Many students in the Deep East Texas region have hopes and dreams of earning a college degree leading to a better life for themselves and their families. All too often, mathematics course completion has been a challenge to achieving those dreams. From misalignment of math courses with students’ programs of study to student placement into long developmental sequences, it was clear the system needed to be transformed within and across the educational ecosystem.
Overview: Creating Alignment for Student Success
Gateway mathematics course completion has been particularly challenging for students in many regions and states, including Deep East Texas.
With the support of the T.L.L. Temple Foundation, in 2017 the Charles A. Dana Center at The University of Texas at Austin embarked on an initiative to work with 11 higher education institutions and select K–12 partners in Deep East Texas to create better alignment of math courses to students’ programs of study through the implementation of multiple mathematics pathways. The “Accelerating Mathematics Pathways in Deep East Texas” project also addressed key transfer and co-requisite issues across these institutions.
We focused on building strong relationships and fostering conversations to create deeper collaboration and shared understanding across the participating institutions: Angelina College, Kilgore College, Lamar Institute of Technology, Lamar State College–Orange, Lamar State College–Port Arthur, Lamar University, Lee College, Panola College, Stephen F. Austin State University, Texarkana College, and Texas A&M University–Texarkana.
Outcomes: Creating Better Opportunities for Students
100% of the institutions now offer at least three mathematics pathways to meet quantitative core curriculum requirements needed for degree completion. Having multiple pathways is essential for gateway math course alignment to programs of study and for transfer across institutions.
There was a 116% increase in completion of a college-level math course in two years. This increase translates to 633 additional students—who had been identified as needing a developmental math course—who passed a college-level math course, putting them on the pathway to credential completion.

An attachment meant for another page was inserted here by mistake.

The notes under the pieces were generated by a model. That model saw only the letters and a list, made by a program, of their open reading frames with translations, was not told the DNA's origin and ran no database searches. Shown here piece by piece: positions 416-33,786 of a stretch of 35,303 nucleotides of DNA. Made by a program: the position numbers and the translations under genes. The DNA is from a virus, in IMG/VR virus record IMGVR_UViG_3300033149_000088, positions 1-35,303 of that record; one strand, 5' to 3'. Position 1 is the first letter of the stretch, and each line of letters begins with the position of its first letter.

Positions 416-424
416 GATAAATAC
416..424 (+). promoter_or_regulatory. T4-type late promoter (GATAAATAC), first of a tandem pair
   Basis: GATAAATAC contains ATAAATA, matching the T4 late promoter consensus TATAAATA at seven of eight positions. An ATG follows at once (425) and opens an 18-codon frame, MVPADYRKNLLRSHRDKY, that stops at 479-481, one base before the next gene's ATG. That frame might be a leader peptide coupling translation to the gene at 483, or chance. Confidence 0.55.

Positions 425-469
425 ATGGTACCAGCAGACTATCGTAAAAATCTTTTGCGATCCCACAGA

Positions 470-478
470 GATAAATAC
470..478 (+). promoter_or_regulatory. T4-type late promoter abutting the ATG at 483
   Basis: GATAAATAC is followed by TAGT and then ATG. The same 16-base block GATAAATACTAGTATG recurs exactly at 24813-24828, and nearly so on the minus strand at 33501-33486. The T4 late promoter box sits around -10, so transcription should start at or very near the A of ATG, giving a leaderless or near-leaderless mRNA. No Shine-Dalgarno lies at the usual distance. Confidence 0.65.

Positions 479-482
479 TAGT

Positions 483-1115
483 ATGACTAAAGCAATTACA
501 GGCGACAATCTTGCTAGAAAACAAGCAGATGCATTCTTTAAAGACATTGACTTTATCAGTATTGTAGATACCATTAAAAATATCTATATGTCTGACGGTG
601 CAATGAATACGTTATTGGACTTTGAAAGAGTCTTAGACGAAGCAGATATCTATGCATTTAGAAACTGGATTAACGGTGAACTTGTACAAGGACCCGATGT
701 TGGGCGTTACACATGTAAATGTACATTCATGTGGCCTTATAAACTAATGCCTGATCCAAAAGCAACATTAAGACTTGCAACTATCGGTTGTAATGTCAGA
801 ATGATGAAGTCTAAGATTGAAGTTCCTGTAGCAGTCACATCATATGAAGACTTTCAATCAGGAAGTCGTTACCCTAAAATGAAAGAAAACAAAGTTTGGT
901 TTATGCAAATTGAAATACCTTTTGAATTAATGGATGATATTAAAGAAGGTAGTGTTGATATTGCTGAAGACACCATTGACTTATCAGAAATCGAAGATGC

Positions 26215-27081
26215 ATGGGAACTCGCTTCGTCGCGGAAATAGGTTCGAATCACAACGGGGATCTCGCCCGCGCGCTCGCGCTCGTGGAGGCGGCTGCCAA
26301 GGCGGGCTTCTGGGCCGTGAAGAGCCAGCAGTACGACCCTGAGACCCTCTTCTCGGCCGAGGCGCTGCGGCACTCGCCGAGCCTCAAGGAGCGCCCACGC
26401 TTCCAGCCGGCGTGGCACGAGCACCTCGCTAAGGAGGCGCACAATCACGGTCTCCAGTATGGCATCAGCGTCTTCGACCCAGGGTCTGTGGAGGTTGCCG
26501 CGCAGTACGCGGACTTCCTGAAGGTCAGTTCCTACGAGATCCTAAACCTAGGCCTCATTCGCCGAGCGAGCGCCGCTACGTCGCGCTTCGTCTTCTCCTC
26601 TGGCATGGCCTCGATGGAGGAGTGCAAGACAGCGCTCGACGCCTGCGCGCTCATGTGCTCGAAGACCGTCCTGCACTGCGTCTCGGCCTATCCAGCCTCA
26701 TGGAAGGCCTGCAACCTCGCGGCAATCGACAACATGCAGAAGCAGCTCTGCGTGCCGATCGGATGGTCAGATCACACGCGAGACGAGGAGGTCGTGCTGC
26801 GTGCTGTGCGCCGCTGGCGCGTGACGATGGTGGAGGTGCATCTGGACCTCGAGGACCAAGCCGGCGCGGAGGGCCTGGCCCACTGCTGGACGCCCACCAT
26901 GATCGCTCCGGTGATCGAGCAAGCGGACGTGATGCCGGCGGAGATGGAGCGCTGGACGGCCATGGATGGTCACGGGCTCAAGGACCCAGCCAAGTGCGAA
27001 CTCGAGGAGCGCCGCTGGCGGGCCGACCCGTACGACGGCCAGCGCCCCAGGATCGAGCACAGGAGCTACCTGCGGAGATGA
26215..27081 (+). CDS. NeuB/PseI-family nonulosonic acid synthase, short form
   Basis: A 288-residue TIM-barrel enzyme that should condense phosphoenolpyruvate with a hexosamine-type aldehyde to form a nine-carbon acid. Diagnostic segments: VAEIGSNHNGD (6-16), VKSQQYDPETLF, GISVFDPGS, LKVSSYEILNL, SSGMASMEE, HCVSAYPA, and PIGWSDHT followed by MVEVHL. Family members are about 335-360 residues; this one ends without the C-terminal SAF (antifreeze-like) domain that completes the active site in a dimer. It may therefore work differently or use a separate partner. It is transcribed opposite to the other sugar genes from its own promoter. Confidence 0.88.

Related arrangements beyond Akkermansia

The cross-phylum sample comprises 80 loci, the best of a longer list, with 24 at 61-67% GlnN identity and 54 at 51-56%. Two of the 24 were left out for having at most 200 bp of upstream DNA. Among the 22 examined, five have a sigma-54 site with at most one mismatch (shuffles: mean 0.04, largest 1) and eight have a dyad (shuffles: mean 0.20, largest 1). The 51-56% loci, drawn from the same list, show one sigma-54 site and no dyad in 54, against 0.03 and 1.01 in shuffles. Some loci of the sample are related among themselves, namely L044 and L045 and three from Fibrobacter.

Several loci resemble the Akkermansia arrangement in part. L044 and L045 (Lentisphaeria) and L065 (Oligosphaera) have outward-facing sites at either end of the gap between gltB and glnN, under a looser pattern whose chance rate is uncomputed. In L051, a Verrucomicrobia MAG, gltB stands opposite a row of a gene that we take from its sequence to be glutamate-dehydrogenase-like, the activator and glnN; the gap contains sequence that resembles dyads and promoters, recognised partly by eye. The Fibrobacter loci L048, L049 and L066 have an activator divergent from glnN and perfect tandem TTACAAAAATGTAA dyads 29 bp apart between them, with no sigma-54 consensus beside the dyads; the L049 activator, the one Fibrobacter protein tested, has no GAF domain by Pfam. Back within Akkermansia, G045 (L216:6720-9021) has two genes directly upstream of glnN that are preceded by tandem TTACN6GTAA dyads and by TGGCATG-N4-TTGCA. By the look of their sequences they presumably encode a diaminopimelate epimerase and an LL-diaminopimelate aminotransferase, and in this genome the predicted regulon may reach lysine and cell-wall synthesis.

Institutions increased co-requisite course enrollment in two years, from 17 percent in 2017 to 45 percent in 2019, on average.
Long-term relationships formed across institutions to foster ongoing dialogue and support continuous improvement, particularly around transfer and applicability.
Elements for Success: Our Approach to Change
Focusing on collaboration, we supported institutions to better align mathematics courses and to implement continuous improvement processes. The project focused on multiple strands of work.
Conducting professional learning on scaling math pathways for campus leaders and faculty
Exploring conditions and local policies needed to scale math pathways
Developing tools and resources to advise students on the best pathway aligned for their programs of study
Supporting faculty in using accelerated math courses to reduce time to completion of credit-bearing courses
Fostering collaboration with regional school districts to align transition courses with math pathways
Building the infrastructure to lead math pathways work through developing tools and resources to assist mid-level leaders in change management
For the full impact of this work, download the overview or full report.
Learn more about our work in Deep East Texas
Download the overview or full report.